Egypt starts chaotic election marathon
Post-revolution Egypt headed to the polls yesterday for a chaotic election clouded by violence and a political crisis, the start of a long process to bring democracy to the Arab world’s most populous nation. REUTERS photo
Post-revolution Egypt headed to the polls yesterday for a chaotic election clouded by violence and a political crisis, the start of a long process to bring democracy to the Arab world’s most populous nation.
Ten months after the end of 30 years of autocratic rule by Hosni Mubarak, ousted by popular protests in one of the seminal events of the Arab Spring, up to 50 million voters are being asked to choose a new parliament.
Three blocs and 50 parties are participating in the elections. In the first round of the vote, 36 parties out of 50 and 3,809 candidates out of 6,000 are competing for the lower house. Elections will end in March and two chambers of the parliament will be selected separately. A total of 508 deputies will be selected in the election.
Voters in Cairo, Alexandria and other areas began yesterday the first of three steps for elections to the lower house of parliament.
The backdrop was ominous after a week of protests calling for the resignation of the interim military rulers who stepped in after Mubarak’s fall; 42 people were killed and more than 3,000 were injured in the week ahead of the election. By late mid-morning, proceedings appeared to be passing off peacefully and orderly as the military and police forces were discreetly deployed around polling stations where lines formed early in the morning.
The poll was in danger last week as unrest gripped the country, but military ruler Field Marshal Hussein Tantawi has stuck to the schedule and called for a large turnout. The 75-year-old, who served as defense minister under Mubarak for 20 years, inspected polling stations yesterday, state media reported. The head of Egypt’s election commission said turnout in the polls was higher than expected and that there had been no security problems.
Three main parties
A party set up by the formerly banned Muslim Brotherhood, a moderate Islamist group, is widely expected to emerge as the largest power when results are published on Jan. 13. The Freedom and Justice Party was set up in April as the political wing of the Muslim Brotherhood, which was banned under Mubarak but has emerged as one of the most influential forces.
The party has not issued a detailed manifesto. Brotherhood leaders say the party is a civil group that regards Islam as a “reference” point. They say the party seeks a constitution that respects Muslims and non-Muslims, will not impose Islamic law and is committed to a pluralistic and democratic Egypt. The party also includes members from Egypt’s Coptic Christian minority.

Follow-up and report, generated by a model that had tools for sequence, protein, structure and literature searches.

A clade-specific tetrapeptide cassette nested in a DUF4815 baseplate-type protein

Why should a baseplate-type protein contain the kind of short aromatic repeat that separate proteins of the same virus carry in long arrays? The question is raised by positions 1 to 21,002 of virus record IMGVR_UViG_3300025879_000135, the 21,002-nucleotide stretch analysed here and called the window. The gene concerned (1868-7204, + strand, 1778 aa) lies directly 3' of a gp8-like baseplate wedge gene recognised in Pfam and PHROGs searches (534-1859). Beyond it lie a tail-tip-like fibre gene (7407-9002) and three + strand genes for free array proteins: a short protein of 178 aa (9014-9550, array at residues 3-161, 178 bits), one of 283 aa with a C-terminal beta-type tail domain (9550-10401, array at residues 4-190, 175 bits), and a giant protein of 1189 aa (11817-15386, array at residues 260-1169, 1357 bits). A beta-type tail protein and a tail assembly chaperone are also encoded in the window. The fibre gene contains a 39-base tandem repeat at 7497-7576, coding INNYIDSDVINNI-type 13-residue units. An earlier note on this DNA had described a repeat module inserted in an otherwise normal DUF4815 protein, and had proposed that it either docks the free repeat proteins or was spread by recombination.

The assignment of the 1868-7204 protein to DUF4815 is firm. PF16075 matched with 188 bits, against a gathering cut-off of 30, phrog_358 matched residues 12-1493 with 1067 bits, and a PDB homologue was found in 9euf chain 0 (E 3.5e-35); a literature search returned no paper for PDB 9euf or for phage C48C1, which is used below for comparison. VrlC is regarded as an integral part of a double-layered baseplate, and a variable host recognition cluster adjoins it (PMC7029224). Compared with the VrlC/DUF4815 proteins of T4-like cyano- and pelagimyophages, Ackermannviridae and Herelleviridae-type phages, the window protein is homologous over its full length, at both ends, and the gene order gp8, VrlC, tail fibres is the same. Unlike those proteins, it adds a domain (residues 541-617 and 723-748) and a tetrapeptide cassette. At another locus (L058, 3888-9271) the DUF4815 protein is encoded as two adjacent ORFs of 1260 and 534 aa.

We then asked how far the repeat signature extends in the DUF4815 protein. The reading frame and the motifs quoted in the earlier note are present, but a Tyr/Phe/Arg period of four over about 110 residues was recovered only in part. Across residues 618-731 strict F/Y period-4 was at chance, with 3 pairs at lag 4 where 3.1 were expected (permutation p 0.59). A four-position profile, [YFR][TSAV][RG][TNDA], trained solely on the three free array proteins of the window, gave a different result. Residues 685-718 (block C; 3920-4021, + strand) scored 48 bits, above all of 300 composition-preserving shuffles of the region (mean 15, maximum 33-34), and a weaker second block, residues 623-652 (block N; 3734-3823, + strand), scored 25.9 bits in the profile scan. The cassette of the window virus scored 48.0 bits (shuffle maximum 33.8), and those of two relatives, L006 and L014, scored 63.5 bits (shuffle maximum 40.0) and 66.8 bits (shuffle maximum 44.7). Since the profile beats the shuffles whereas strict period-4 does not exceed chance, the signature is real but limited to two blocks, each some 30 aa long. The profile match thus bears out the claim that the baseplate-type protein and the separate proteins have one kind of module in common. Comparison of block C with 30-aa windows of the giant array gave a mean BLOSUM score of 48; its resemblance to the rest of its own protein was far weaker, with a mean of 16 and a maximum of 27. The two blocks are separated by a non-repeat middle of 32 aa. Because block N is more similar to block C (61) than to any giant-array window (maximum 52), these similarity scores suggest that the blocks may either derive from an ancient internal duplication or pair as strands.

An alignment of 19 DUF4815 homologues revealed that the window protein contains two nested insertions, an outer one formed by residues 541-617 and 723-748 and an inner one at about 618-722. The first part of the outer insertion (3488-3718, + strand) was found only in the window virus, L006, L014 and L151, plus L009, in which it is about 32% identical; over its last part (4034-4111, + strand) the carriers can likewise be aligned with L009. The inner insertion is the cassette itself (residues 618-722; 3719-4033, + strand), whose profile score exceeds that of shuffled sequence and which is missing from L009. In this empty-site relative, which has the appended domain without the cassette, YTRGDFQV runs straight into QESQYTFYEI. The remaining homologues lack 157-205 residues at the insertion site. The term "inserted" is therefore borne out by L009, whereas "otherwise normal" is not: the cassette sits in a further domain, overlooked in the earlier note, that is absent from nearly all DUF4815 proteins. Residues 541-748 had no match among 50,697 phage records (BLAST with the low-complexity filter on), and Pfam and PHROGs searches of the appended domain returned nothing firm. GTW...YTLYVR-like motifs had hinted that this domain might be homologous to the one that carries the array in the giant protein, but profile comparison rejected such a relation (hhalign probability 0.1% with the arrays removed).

Hard-line Islamists, secular parties and groups representing the interests of the former Mubarak regime are all expected to win seats, raising the prospect of a highly fragmented and ideologically split new parliament.
The other influential actor in the yesterday’s elections is the New Wafd Party. Wafd was set up in 1978 after former President Anwar Sadat opened up politics following a period when parties were banned, but its roots date back to the 1920s.
Wafd has traditionally been a bastion of liberal democrats in Egypt and historically drew the support of business elites and Copts. It was one of the opposition parties licensed under Mubarak, although its critics said it was co-opted by the state.
Also, the liberal party, Al-Masryeen al-Ahrar (Free Egyptians) is another influential political party. Co-founded by Christian telecom tycoon Naguib Sawiris, the party has positioned itself as a challenger to Islamist groups. The party, whose leaders include Hani Sarie-Eldin, a former chairman of the Egyptian Capital Market Authority and Central Bank board member, advocates free market policies, the separation of state and religion, ending class inequalities and expanding the middle class.
The party said in August that it had more than 100,000 members, including prominent figures such as writer Mohamed Salmawy, poet Ahmed Fouad Negm, film director Khaled Youssef and Mahmoud Mehny, the former president of al-Azhar University.
Meanwhile, the Tahrir movement, named after the square where protests began against Mubarak, is deeply divided over whether to take part in the elections and lend legitimacy to the military rulers. In Tahrir Square, anti-military diehards said they had no confidence in the process and preferred to stay in the square to keep pushing for an end to military rule.
After two days of voting in the first stage of the elections for the lower parliament, other cities and regions will follow on Dec. 14 and Jan. 3. After these, another round of voting will take place from Jan. 29 for the upper house of parliament; presidential elections, meanwhile, are to be held by no later than the end of June next year.
Mubarak, who is on trial for murder and corruption in Cairo along with his two sons, was expected to be following events from a military hospital in the capital, where he is reportedly being treated for cancer.
Compiled from AFP, AP and Reuters stories by the Daily News staff.